Bright colour, texture, and decay caught my eye in Kagoshima with this image. It sometimes seems 3-dimensional, like you could run your fingers over the surface.
This is one of a large set of images that I took during my last year living in Japan. Looking back at them now, I can see how introspective many of them are, and some of them seem infused with a sentimental or bittersweet melancholy. Having spent the better part of six years in Japan and being acutely aware of my imminent departure and the parting of ways from so many beloved friends and family, I suppose it was understandable. I named this after one of my favourite artists, Seattle troubadour Damien Jurado for his music which, for me, emulates so many of the same qualities that I mentioned above.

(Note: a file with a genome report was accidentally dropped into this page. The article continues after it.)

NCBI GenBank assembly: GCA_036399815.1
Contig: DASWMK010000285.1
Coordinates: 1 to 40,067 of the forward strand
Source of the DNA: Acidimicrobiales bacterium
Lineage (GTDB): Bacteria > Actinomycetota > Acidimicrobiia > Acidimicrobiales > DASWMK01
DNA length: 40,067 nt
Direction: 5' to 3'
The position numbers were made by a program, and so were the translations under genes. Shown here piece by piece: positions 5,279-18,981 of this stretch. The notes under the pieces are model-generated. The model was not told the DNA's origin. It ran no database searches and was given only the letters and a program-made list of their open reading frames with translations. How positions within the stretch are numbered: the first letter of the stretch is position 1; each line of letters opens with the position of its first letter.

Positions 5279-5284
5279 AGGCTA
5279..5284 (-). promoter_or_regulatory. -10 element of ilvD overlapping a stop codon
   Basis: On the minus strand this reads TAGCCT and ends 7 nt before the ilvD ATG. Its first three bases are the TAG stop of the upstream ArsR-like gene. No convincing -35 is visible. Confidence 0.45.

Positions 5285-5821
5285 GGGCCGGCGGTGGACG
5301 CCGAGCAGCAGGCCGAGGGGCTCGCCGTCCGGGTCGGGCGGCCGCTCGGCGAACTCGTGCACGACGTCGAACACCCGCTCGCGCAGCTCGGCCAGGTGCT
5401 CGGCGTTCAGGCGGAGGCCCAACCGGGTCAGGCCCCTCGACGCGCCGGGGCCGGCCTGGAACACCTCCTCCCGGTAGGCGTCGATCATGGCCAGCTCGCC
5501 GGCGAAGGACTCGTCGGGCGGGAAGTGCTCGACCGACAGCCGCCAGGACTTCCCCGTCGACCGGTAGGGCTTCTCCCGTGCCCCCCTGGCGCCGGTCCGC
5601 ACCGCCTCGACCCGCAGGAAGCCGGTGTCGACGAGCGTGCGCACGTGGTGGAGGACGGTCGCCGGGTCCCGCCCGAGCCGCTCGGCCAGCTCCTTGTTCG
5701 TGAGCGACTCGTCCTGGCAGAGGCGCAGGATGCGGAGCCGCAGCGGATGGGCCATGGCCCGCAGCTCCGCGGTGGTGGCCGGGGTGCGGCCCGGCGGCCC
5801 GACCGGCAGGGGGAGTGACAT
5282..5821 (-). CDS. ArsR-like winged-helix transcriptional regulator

For those wondering, the image is a macro detail of a plastic bench at the stop where I used to take the tram in South Kagoshima. The scratches accumulated over time as generations of children’s school bags and office worker’s briefcases left their mark. I think the macro detail has always added to a certain element of mystery to the image that has always made it one of most lasting and most popular.